After a tough April, May was another difficult month for performance. Our underperformance in both months has been driven by largely the same issues; an underexposure to value/cyclicality and ‘reopening beneficiaries’ at a time when investors have been trying to hedge portfolios against rising inflation expectations and an improving economic outlook.
Our best performing positions included some of our most cyclical companies, including Stellantis, Unicredit and CHNI. Stellantis is an inexpensive autos company with significant cost synergy-led margin potential. Unicredit has benefitted from improving investor sentiment towards Italy after the appointment of Mario Draghi as Prime Minister and in addition, the valuation looks very cheap when compared to other European banks. Finally, CNHI reported much stronger than expected Q1 numbers during May. The company continue to benefit from a surging recovery in demand for farm equipment, especially in the key US market.
Our worst performing positions included Delivery Hero, Telecom Italia and Prosus. Delivery Hero is an unprofitable, but promising takeaway food platform business. In this current market environment, investors seem to have little appetite for unprofitable tech companies and Delivery Hero’s shares have come under pressure. Telecom Italia continues to battle against tough domestic competitive dynamics and the shares continue to be impacted by oscillating media reports about whether an in-country fibre merger is likely to happen or not. Finally, Prosus has suffered from increasing regulatory scrutiny of Tencent, its largest portfolio investment.
During the month, we sold our position in Aixtron, the German semiconductor equipment company. We also reduced our weightings in Prosus and STM. In addition, we have reduced our position size in Telecom Italia due to our lowered conviction in the recovery in domestic trading conditions as well as a lower likelihood of a domestic fibre deal. We initiated a new position in Beiersdorf during the month. Beiersdorf is a German consumer stables business that owns the Nivea brand. We believe that the company is undervalued and that margins have the potential to expand meaningfully over the coming years. In addition, the balance sheet is very inefficient and any movement towards a more efficient balance sheet (via buybacks for example) would likely be very well received. We also added to existing positions in Allfunds and Nestle.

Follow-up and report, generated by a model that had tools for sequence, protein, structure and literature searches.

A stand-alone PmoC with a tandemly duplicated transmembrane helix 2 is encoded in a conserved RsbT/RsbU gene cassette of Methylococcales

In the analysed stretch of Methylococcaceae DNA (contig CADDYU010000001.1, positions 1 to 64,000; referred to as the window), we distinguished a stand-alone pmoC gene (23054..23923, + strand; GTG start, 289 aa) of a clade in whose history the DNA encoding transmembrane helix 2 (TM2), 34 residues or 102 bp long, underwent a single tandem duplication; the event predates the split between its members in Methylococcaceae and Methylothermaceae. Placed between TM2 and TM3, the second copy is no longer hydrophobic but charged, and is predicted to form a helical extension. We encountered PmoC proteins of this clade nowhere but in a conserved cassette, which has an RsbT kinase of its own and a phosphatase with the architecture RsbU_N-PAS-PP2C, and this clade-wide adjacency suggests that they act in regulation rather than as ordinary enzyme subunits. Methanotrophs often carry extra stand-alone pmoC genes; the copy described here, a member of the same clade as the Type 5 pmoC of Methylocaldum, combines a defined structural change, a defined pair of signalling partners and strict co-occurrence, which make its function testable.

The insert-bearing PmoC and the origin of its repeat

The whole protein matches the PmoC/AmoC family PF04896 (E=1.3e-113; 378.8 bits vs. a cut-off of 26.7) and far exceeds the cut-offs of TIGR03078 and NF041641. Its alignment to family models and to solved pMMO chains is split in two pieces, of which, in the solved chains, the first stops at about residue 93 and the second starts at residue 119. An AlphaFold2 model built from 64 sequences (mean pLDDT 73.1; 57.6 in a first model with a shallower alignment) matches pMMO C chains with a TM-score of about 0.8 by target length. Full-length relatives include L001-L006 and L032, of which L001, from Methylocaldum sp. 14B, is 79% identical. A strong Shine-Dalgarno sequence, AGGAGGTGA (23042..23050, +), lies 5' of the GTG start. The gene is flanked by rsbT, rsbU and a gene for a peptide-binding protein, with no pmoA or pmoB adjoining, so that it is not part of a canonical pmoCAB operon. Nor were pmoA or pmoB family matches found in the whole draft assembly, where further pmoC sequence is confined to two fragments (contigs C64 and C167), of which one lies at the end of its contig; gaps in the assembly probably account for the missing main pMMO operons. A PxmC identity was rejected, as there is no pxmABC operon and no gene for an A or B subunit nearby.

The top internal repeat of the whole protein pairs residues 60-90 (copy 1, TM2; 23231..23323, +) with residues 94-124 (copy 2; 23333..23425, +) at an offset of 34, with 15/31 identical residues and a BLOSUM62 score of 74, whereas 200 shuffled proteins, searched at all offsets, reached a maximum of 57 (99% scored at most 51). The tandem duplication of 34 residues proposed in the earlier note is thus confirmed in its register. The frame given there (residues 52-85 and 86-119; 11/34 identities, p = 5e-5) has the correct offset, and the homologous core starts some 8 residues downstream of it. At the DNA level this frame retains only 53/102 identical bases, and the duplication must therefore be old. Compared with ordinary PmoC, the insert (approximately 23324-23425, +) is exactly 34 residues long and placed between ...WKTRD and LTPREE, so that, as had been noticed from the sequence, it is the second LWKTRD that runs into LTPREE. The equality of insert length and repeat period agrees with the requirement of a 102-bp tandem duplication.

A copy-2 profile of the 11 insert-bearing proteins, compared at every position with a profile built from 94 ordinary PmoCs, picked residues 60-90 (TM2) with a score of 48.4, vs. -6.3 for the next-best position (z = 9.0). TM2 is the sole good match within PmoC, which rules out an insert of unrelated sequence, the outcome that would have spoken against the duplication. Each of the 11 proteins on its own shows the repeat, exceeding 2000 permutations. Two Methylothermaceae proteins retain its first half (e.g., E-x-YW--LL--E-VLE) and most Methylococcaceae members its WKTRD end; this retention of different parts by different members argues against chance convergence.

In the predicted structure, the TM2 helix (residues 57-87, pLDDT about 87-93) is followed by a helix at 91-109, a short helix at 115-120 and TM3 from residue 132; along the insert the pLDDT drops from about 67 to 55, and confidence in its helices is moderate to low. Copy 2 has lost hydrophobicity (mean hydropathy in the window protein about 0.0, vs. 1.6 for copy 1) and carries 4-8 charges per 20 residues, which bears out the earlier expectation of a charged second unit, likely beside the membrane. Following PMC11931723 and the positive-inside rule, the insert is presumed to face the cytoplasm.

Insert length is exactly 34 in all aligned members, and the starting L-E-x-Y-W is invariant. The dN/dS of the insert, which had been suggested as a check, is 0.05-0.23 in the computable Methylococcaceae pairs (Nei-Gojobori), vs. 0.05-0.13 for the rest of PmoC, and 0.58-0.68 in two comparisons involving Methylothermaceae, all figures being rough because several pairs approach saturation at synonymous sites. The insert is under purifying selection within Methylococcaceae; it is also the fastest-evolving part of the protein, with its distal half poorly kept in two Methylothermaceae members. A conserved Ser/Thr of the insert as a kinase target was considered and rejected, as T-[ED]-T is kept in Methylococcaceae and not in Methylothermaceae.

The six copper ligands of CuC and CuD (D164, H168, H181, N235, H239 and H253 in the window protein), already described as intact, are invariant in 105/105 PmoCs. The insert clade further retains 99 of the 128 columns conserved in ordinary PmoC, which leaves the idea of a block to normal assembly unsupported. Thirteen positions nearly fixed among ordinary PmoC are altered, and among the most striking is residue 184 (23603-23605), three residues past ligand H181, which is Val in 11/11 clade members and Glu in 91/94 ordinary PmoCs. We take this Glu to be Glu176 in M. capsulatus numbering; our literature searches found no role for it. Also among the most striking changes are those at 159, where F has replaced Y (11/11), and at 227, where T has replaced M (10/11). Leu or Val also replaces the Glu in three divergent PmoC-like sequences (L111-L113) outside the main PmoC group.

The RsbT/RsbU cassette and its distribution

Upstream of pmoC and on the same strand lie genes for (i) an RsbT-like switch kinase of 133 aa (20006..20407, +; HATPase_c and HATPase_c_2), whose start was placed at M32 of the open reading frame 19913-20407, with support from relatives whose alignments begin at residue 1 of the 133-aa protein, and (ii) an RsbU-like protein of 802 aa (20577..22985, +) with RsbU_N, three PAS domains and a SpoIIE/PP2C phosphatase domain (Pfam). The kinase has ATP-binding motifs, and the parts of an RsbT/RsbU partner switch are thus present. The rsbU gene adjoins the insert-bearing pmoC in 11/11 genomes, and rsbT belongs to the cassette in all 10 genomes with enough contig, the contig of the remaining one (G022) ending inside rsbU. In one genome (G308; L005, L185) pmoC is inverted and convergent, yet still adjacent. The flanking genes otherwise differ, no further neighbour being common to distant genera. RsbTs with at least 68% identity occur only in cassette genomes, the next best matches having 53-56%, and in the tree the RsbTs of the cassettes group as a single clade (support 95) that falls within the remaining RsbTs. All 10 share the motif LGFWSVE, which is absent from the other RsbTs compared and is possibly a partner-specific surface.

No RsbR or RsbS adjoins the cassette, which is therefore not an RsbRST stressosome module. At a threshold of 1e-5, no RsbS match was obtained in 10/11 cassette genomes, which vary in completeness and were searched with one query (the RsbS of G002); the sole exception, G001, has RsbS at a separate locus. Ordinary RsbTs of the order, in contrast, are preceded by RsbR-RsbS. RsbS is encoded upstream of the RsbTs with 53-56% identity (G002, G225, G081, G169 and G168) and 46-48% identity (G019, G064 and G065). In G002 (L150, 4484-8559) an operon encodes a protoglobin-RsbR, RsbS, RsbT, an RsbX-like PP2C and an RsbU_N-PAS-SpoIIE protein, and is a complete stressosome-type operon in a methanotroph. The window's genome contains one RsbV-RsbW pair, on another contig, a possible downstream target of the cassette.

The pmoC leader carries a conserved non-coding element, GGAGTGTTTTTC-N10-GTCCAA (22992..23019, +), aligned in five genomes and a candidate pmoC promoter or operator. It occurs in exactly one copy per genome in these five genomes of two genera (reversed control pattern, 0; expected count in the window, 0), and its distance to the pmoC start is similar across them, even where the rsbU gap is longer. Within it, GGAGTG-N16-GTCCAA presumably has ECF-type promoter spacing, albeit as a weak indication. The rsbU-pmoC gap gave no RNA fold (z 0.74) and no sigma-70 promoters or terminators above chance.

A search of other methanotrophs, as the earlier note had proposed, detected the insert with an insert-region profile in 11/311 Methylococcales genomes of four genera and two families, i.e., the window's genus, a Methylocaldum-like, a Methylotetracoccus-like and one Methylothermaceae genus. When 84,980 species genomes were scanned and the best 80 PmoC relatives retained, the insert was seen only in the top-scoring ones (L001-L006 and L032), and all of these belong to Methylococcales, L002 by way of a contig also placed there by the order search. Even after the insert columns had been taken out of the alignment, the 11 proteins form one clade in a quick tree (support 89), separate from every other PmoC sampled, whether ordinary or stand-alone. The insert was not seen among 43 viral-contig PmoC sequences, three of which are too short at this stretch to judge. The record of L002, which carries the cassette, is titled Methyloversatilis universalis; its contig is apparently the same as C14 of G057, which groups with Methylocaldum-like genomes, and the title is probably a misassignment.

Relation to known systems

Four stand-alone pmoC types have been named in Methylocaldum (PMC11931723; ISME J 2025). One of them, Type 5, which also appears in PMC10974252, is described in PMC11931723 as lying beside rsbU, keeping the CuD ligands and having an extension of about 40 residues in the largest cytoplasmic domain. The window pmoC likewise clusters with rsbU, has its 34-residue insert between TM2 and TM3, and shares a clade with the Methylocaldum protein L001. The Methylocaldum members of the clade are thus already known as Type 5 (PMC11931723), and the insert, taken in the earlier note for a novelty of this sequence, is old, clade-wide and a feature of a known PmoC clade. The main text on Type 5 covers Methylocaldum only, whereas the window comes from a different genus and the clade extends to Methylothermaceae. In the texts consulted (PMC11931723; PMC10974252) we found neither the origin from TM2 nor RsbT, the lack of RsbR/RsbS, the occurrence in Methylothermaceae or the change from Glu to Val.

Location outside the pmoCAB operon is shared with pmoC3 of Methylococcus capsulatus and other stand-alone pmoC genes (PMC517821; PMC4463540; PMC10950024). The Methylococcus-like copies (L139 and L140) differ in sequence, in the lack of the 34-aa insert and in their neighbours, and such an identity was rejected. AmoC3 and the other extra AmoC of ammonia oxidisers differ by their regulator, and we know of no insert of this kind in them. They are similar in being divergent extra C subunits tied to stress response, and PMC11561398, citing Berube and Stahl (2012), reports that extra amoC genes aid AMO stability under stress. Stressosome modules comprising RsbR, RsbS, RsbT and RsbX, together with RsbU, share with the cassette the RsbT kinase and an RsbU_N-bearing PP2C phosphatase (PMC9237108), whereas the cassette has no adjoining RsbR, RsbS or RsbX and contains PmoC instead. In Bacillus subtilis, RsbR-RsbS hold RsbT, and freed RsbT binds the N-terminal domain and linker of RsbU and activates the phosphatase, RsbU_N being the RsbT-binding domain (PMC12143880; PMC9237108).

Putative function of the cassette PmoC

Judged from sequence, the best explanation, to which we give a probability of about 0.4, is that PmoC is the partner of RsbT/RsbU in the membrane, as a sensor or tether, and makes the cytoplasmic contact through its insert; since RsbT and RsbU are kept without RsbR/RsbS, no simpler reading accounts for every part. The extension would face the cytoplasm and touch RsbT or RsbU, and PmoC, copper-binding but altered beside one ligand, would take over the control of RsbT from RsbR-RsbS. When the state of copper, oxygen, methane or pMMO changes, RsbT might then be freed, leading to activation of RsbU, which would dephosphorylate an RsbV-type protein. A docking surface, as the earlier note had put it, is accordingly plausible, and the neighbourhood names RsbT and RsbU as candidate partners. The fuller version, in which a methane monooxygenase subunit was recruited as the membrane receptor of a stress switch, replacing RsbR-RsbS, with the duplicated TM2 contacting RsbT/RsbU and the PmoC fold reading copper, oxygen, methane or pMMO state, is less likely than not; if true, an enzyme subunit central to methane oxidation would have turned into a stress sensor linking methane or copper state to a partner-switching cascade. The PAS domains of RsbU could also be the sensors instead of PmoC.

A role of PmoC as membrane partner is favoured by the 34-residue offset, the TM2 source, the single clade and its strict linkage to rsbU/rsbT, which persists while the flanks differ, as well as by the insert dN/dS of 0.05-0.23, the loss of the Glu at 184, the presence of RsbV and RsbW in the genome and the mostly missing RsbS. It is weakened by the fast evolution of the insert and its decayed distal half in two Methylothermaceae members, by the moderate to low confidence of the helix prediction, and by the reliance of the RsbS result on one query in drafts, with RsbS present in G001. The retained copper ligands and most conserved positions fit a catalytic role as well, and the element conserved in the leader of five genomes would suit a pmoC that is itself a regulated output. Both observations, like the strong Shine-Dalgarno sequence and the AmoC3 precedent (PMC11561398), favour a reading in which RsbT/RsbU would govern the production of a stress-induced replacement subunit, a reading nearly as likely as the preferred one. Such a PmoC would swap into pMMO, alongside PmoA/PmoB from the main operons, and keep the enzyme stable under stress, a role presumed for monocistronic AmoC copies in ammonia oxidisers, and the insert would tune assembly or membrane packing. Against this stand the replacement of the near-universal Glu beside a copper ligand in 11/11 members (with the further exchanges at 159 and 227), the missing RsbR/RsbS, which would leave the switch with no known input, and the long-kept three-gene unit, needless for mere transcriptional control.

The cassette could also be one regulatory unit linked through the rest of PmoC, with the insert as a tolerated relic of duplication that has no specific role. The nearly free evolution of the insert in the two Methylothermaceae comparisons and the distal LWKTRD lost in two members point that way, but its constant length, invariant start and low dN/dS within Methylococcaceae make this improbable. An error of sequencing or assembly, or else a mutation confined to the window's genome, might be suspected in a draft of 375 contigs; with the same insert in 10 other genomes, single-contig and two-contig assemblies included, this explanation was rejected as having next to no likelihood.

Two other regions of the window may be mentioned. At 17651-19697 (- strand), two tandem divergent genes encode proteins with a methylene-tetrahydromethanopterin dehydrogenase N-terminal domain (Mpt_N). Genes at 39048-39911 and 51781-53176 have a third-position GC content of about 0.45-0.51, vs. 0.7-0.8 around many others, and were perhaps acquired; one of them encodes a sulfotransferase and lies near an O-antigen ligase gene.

We are confident in our positioning and will continue to retain balance in our exposures by considering two types of business for investment; those where we see high and sustainable returns that are undervalued by the market and those companies where we can see a material improvement in medium term business prospects.
Value investing - Value investors search for companies that they believe are undervalued by the market, and therefore expect their share price to increase. One of the favoured techniques is to buy companies with low price to earnings (P/E) ratios. See also growth investing.
Cyclical stocks/Cyclicality - Companies that sell discretionary consumer items, such as cars, or industries highly sensitive to changes in the economy, such as miners. The prices of equities and bonds issued by cyclical companies tend to be strongly affected by ups and downs in the overall economy, when compared to non-cyclical companies.
Inflation - The rate at which the prices of goods and services are rising in an economy. The CPI and RPI are two common measures. The opposite of deflation.
References made to individual securities should not constitute or form part of any offer or solicitation to issue, sell, subscribe or purchase the security. Janus Henderson Investors, one of its affiliated advisors, or its employees, may have a position mentioned in the securities mentioned in the report.